As agencies consider how they’ll shrink the size of their workforce to comply with the president’s priorities and budget, the Trump administration wants to increase early retirement payments for all civilian employees.
The administration’s proposal would increase the maximum amount that agencies could offer in Voluntary Separation Incentive Payments (VSIP) to its employees from $25,000 to $40,000. The administration sent Congress this proposal last month to be included in the 2018 National Defense Authorization Act.
The House Armed Services Committee already included the same boost to VSIP payments for civilian Defense Department employees in its version of the 2018 defense authorization act.
The decision came after Congress originally approved a pilot program last year that increased the VSIP for DoD civilian employees in 2017. Now the House committee wants to extend those incentives until 2021.
According to the White House plan, the Labor Secretary would adjust the $40,000 figure for inflation in March of each year. It would also be tied to the consumer price index.
Congress hasn’t adjusted maximum VSIP payments since lawmakers first authorized these incentives in 2002.
The House is beginning debate on the 2018 NDAA this week. A member of the House would need to introduce an amendment that authorizes higher VSIP payments governmentwide. As of Wednesday afternoon, no member had offered an amendment extending higher separation incentives.
The administration’s desire to boost early out payments shouldn’t come as a major surprise. Agencies often use Voluntary Early Retirement Authority (VERA) or VSIP incentives to encourage more voluntary attrition as they downsize or restructure.
Though the Office of Management and Budget did not target a specific number of positions for VERA/VSIP, it did encourage agencies to consider how they could use those incentives to gradually decrease the size of the federal workforce as they begin government reorganization efforts.
The Office of Personnel Management in March released a new “workforce reshaping” guide to help agencies prepare for budget reductions and restructuring activities.
The administration also wants to create an industry exchange program that would allow some federal employees to temporarily work at a private sector corporation, association or partnership in the science, technology, engineering or mathematics (STEM) fields.
In return, employees from these external organizations would also temporarily lend their expertise to a federal agency.
“Many agencies increasingly need specialized talent that is not commonly found in the federal government to work on specific projects or initiatives,” the administration wrote in its proposal. “This is particularly the case in science, technology and other fields where rapidly evolving skill-sets present challenges. While programs exist that provide for the exchange of ideas and talent among the federal government, state and local governments and academia, the programs do not include the private sector.”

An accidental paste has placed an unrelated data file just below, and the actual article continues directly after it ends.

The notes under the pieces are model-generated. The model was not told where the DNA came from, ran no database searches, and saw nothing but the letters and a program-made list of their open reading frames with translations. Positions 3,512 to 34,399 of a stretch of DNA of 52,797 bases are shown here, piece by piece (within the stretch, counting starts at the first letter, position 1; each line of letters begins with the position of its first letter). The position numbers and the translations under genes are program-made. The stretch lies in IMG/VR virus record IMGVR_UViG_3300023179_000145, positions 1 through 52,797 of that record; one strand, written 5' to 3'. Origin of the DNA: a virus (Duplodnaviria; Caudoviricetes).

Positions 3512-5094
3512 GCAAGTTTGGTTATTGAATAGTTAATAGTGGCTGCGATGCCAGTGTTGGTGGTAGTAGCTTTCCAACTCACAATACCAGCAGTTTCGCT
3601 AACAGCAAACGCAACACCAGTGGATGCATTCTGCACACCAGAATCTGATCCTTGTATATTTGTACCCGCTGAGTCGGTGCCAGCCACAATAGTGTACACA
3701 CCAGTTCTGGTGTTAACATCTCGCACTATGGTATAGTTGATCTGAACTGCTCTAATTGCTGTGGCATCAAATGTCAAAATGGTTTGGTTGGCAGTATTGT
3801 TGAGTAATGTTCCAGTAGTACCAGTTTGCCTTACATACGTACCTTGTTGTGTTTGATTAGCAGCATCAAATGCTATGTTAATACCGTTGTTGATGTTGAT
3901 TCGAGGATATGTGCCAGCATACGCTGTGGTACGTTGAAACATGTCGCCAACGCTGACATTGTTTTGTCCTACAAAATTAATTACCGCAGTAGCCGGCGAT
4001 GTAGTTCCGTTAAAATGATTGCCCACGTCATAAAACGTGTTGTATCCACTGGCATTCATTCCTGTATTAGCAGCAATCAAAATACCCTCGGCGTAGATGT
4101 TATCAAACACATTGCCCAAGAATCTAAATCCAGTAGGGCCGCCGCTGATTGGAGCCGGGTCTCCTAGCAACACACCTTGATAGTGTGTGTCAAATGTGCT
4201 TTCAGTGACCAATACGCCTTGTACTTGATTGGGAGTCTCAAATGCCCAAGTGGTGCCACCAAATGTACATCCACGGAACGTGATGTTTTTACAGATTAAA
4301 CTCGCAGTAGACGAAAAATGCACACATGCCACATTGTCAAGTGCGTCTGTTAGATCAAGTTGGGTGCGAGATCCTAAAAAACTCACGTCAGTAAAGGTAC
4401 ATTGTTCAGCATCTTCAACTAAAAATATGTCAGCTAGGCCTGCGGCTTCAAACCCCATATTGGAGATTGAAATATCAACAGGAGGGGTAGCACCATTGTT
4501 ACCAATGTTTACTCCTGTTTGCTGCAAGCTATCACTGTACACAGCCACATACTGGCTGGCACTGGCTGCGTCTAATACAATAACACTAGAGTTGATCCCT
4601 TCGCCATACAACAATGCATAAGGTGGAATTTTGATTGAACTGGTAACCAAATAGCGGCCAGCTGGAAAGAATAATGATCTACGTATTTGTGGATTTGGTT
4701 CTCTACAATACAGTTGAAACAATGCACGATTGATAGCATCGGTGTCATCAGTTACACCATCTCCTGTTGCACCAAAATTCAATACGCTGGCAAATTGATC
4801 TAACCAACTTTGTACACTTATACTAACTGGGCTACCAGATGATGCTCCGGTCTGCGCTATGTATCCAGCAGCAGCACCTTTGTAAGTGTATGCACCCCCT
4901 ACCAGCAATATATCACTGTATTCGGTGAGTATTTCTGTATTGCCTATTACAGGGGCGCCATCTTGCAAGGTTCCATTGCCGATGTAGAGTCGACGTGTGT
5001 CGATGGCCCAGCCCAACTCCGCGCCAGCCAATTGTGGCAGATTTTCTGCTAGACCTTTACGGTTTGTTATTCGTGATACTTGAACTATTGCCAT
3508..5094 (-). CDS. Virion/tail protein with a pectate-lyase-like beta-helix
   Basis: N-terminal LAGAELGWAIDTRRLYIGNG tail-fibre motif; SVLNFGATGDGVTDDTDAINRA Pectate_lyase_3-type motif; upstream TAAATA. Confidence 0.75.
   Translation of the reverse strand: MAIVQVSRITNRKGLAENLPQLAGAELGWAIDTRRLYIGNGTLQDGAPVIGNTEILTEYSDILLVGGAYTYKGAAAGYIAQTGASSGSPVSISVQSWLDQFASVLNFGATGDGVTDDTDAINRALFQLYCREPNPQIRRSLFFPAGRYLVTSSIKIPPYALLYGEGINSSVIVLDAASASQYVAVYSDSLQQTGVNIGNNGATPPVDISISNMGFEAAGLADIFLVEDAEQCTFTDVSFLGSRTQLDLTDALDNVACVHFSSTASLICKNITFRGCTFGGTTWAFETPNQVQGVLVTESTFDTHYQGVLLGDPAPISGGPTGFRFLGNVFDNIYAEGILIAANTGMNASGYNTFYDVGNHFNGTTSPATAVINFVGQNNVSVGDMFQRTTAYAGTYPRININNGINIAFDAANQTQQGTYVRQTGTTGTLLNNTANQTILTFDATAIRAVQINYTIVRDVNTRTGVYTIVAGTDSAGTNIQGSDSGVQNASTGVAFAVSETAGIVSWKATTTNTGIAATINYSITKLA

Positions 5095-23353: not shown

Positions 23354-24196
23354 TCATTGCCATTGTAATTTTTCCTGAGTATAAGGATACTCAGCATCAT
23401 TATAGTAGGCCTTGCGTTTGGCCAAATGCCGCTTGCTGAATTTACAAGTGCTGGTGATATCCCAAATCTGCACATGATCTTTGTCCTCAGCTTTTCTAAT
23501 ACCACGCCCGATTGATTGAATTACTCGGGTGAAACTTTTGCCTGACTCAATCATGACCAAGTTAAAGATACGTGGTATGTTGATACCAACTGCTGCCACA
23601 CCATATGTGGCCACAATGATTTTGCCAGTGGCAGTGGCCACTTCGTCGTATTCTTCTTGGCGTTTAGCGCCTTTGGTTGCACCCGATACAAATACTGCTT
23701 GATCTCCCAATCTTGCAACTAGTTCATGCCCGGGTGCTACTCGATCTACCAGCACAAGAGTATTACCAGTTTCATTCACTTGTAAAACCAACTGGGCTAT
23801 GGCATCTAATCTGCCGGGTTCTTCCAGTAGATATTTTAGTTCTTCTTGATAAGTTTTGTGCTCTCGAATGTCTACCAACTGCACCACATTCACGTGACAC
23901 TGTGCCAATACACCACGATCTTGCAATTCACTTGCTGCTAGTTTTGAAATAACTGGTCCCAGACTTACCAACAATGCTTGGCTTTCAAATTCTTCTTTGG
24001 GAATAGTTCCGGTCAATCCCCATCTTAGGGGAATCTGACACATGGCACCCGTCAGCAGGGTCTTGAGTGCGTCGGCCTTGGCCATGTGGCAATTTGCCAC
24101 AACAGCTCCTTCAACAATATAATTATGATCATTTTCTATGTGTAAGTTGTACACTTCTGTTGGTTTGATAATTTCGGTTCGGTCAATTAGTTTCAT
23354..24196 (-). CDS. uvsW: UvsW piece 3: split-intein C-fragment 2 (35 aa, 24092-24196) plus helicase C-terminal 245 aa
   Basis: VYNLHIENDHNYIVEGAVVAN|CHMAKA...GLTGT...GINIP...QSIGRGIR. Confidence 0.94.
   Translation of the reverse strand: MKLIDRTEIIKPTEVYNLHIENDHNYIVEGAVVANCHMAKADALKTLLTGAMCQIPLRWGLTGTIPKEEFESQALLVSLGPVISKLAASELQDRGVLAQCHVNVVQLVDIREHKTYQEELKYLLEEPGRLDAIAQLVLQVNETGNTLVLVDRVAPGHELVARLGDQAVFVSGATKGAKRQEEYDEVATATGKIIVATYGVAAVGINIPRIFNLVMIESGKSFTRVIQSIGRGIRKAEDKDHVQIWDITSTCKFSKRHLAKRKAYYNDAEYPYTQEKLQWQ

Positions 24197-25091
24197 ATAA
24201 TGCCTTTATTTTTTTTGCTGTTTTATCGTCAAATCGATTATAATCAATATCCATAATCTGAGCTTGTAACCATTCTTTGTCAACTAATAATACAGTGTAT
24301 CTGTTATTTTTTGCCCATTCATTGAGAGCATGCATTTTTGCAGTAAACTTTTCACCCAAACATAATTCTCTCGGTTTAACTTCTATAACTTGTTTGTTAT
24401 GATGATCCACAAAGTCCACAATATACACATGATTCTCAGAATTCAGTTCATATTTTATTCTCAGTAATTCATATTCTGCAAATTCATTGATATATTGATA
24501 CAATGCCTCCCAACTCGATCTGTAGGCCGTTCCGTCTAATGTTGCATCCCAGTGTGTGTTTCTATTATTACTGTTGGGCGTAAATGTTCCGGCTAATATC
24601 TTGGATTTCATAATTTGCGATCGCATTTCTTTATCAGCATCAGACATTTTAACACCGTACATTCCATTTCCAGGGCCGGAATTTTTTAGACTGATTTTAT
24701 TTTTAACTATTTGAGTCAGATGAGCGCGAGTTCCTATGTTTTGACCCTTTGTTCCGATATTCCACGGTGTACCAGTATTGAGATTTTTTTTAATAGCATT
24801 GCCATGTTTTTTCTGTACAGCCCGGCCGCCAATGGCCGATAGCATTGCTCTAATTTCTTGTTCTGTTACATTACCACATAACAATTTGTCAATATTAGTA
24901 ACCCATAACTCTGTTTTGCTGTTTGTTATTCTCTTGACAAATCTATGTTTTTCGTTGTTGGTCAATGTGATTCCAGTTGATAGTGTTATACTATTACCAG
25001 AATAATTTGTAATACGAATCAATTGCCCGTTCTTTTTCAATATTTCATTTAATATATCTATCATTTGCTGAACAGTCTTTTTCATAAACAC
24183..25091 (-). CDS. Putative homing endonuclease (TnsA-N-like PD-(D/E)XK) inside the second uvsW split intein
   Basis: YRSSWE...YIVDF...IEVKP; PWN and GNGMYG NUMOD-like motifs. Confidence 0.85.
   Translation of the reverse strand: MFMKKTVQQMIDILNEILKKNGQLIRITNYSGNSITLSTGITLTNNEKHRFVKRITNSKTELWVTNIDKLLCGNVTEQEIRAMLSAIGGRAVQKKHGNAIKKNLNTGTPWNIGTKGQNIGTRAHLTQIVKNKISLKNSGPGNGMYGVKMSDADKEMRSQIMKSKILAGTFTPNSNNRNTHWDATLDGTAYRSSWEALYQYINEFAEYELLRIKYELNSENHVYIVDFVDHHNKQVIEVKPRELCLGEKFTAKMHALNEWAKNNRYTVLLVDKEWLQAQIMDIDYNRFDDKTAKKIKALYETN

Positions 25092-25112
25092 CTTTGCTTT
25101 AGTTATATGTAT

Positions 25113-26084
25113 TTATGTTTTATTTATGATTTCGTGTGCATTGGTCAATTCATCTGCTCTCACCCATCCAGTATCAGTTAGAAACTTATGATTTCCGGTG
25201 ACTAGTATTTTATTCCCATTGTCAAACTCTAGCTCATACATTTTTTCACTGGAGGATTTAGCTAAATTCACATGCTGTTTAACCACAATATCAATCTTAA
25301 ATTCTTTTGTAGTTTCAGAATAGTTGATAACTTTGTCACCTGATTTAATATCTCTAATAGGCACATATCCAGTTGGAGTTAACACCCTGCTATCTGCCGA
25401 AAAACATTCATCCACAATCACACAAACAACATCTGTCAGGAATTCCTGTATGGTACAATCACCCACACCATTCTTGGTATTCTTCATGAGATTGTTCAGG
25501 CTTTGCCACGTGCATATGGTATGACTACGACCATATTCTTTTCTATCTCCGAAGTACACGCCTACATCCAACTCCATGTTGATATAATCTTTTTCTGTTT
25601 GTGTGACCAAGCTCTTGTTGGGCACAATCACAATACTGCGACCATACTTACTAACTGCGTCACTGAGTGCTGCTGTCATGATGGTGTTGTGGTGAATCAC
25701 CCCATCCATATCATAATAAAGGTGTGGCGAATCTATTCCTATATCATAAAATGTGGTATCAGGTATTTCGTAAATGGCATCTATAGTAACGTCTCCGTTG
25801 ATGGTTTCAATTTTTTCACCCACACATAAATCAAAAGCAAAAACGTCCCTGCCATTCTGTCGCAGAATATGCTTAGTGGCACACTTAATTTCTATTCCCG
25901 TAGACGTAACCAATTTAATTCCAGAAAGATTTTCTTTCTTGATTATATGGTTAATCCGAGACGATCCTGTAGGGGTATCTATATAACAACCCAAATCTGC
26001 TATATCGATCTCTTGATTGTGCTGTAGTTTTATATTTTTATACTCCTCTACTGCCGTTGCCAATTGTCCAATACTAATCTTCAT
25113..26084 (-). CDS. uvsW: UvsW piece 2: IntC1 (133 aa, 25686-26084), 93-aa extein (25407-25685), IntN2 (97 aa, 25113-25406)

Federal employees could spend no more than two years at the external organization, but agency leaders could decide to extend the assignment for another two years. As a condition of accepting the assignment, the employee must agree to return to his or her agency after completing the detail.
The program would apply to any federal employee in the executive branch, except for non-career appointees, limited term appointees or limited emergency appointees.
Those who take on these assignments would be considered as either on “detail to a regular work assignment in the employee’s federal agency” or “on leave without pay from the employee’s position in the federal agency,” the administration’s proposal said.
Federal employees considered “on leave without pay” at an external organization can’t receive a salary that is higher than their original salaries.
Employees in the exchange program will continue to receive federal health and life insurance benefits, and their time spent in the private sector will count toward their federal annuities.
The administration also submitted this proposal to Congress last month, with the intent that it be included in the 2018 NDAA.
The industry exchange program isn’t a new concept.
Some agencies have deployed public-private exchanges on a small scale to fill critical needs.
OPM, for example, brought on Clif Triplett from industry to serve as the agency’s senior cyber and information technology adviser for a little more than a year.
The Homeland Security Department has previously said it’s exploring the idea of creating an industry exchange or loaned executive program as an incentive to attract new talent to the department, particularly to cybersecurity positions and others that have been difficult to fill.
Lawmakers have proposed similar exchange programs to improve recruitment and retention efforts for specific agencies.
VA said it supported the concept of the program, but citing the administration’s industry exchange idea, said it would rather see Congress implement a governmentwide initiative, rather than one specific to the department.